Oil producers from around the world join forces and cut production again

Oil producers have been under pressure to reduce production following a sharp fall in oil prices

Oil prices spiked sharply higher Friday as major oil producers, including the OPEC cartel, agreed to cut global oil production by 1.2 million barrels a day to reduce oversupply.

Following two days of meetings, the Organization of the Petroleum Exporting Countries that includes the likes of Saudi Arabia and Iraq said they would cut 800,000 barrels per day for six months from January, though some countries such as Iran, which is facing wide-ranging sanctions from the United States, have been given an exemption.

The balance will come from Russia and other non-OPEC countries. The United States, one of the world’s biggest producers, is not part of the deal.

“This is a major step forward,” said United Arab Emirates’ Energy Minister Suhail Mohamed al-Mazrouei, who chairs the regular meetings in Vienna in his capacity as President of the OPEC Conference.

Oil producers have been under pressure to reduce production following a sharp fall in oil prices over the past couple of months. The price of oil has fallen about 25 per cent recently because major producers — including the U.S. — are pumping oil at high rates.

The reduction has certainly met with the response hoped for by ministers as it was at the upper end of most predictions. Following the announcement, Brent crude, the international standard, was up $2.79 a barrel, or 4.7 per cent, at $62.85. Benchmark New York crude was $2.11, or 4.1 per cent, higher at $53.60 a barrel.

Ann-Louise Hittle, a vice-president at oil industry expert Wood Mackenzie, said the production cut “would tighten” the oil market by the third quarter next year and help lift Brent prices back above $70 per barrel.

“For most nations, self-interest ultimately prevails,” she said. “Saudi Arabia has a long-term goal of managing the oil market to avoid the sharp falls and spikes which hurt demand and the ability of the industry to develop supply. On top of this, Saudi Arabia also needs higher oil revenues to fund domestic Saudi spending.”

Russian Energy Minister Alexander Novak called the negotiations with the OPEC nations “fairly challenging” but said the decision “should help the market reach a balanced state.”

“I think this is a strong signal to anybody who has doubted it that our co-operation is continuing and we can react to any challenge the market throws at us,” he said in Russian through a translator.

OPEC’s reliance on non-members like Russia highlights the cartel’s waning influence in oil markets, which it had dominated for decades. The OPEC-Russia alliance was made necessary in 2016 to compete with the United States’ vastly increased production of oil in recent years. By some estimates, the U.S. this year became the world’s top crude producer.

The cut is unlikely to be greeted warmly by U.S. President Donald Trump, who has been pressuring the cartel publicly to maintain production. On Wednesday, he tweeted: “Hopefully OPEC will be keeping oil flows as is, not restricted. The World does not want to see, or need, higher oil prices!”

One stumbling block to an agreement had been Iran, Saudi Arabia’s regional rival and fellow OPEC member, which had been arguing for an exemption to any cuts because its crude exports are already being pinched already by U.S. sanctions.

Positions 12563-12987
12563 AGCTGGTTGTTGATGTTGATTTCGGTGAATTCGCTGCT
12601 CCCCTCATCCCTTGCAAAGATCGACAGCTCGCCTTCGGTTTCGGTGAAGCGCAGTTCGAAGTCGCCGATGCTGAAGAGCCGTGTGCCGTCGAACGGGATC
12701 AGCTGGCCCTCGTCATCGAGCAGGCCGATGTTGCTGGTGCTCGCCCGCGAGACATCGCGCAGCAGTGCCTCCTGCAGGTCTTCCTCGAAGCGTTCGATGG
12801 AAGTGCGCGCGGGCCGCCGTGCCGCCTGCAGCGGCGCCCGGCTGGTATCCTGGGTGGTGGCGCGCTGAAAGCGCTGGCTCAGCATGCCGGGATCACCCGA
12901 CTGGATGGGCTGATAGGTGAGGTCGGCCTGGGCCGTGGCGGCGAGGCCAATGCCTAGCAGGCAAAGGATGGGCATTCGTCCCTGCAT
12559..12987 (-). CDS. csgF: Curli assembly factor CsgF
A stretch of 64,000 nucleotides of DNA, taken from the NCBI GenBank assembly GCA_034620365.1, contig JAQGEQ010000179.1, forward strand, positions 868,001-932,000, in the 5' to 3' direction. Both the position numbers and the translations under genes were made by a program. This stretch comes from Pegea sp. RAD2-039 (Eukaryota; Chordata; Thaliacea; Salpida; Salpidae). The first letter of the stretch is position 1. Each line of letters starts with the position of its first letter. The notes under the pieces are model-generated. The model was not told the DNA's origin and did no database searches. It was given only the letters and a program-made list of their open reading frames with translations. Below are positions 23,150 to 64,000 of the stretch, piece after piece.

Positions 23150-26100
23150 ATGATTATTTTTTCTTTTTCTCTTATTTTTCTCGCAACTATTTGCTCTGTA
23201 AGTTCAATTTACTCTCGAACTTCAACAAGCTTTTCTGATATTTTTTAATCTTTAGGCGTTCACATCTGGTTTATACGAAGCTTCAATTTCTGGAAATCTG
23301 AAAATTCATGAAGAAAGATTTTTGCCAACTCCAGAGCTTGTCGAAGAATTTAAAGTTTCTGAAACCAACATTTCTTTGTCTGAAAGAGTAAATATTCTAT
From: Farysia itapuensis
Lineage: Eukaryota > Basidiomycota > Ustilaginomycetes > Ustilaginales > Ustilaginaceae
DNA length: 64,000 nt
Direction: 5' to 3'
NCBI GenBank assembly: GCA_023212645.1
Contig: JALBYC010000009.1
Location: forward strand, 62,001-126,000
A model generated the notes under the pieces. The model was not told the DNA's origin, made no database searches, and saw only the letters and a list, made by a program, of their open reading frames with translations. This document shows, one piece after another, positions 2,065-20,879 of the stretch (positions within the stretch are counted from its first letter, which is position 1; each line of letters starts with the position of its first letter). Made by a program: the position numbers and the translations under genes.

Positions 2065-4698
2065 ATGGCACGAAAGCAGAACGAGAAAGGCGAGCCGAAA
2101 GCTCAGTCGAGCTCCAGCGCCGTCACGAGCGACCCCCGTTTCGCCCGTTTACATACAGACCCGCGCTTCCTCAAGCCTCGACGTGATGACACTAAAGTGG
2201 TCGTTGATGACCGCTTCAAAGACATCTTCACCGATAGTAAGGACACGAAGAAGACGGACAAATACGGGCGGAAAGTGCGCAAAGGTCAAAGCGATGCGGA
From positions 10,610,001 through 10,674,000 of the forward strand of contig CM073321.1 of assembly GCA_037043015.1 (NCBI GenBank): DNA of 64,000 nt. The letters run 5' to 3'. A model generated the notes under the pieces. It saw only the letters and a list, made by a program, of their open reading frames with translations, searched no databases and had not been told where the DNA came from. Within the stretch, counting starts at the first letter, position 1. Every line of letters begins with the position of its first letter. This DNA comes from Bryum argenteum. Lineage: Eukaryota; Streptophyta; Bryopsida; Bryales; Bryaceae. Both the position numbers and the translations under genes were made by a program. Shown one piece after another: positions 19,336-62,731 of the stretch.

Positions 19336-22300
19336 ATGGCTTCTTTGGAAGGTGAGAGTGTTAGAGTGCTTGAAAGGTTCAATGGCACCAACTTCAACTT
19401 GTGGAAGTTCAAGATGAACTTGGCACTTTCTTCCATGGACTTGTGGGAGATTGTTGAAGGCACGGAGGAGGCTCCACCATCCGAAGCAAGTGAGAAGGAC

Al-Mazrouei said that in the end Iran had been given an exemption, as well as Venezuela and Libya.

That “means that the percentage we will contribute among us is going to be a bit higher,” he said.

“We within OPEC are committed to distribute the 800 (thousand bpd) among us and deliver on it.”

Anthony Mills, Kiyoko Metzler And David Rising, The Associated Press

Like us on Facebook and follow us on Twitter.

Just Posted

Your weekly news recap

The Golden Star’s weekly 60-second news recap… Continue reading

Avalanche control scheduled tomorrow on Highway 1 east of Revelstoke

Avalanche control work is scheduled along Highway 1 on Dec 15. From… Continue reading

Avalanche Canada issues special public warning

Very weak layer buried under recent snow a cause for concern

UPDATE: Highway 1 closed east of Revelstoke, set to reopen at 7:30 p.m.

Highway 1 is closed east of Revelstoke near the west entrance to… Continue reading

Golden Rockets win one on the road

The Golden Rockets faced off against the Creston Valley Thundercats on the… Continue reading

VIDEO: Royals reveal the images on their Christmas cards

Prince William and his wife Kate are shown outside in casual clothes, their three young children in tow

Media, robotics, Indigenous studies coming to B.C. Grade 12 classrooms in 2019-20

Provincial tests are also being changed for students in Grade 10 to 12, the Education Ministry said

ICBC to apply for 6.3% hike to basic insurance rates

Crown Corporation said it will be submitting its next basic rate application to the British Columbia Utilities Commission Friday

Stranded B.C. trucker writes final wishes before being rescued 3 days later

‘I was just praying someone would come along’

Canfor Corp. extending temporary curtailment of sawmills in B.C.; cutting hours

Vancouver-based company says the decision is due to declining lumber prices, high log costs and log supply constraints

Canada’s prospective world junior team members await final roster decisions

Thirty-four players were invited to the national junior selection camp

Final phase of Kelowna hospital cardiac centre completed

Finishing new recovery rooms marks completion of $381 million project

Family searching for B.C. professor last seen at Colombian salsa club

Ramazan Gencay, a professor in economics at Simon Fraser University, was last seen in Medellin

Rash of bomb threats a learning opportunity for response capacity, Goodale

Thursday’s wave of bomb threats swept across communities on both sides of the Canada-U.S. border

Most Read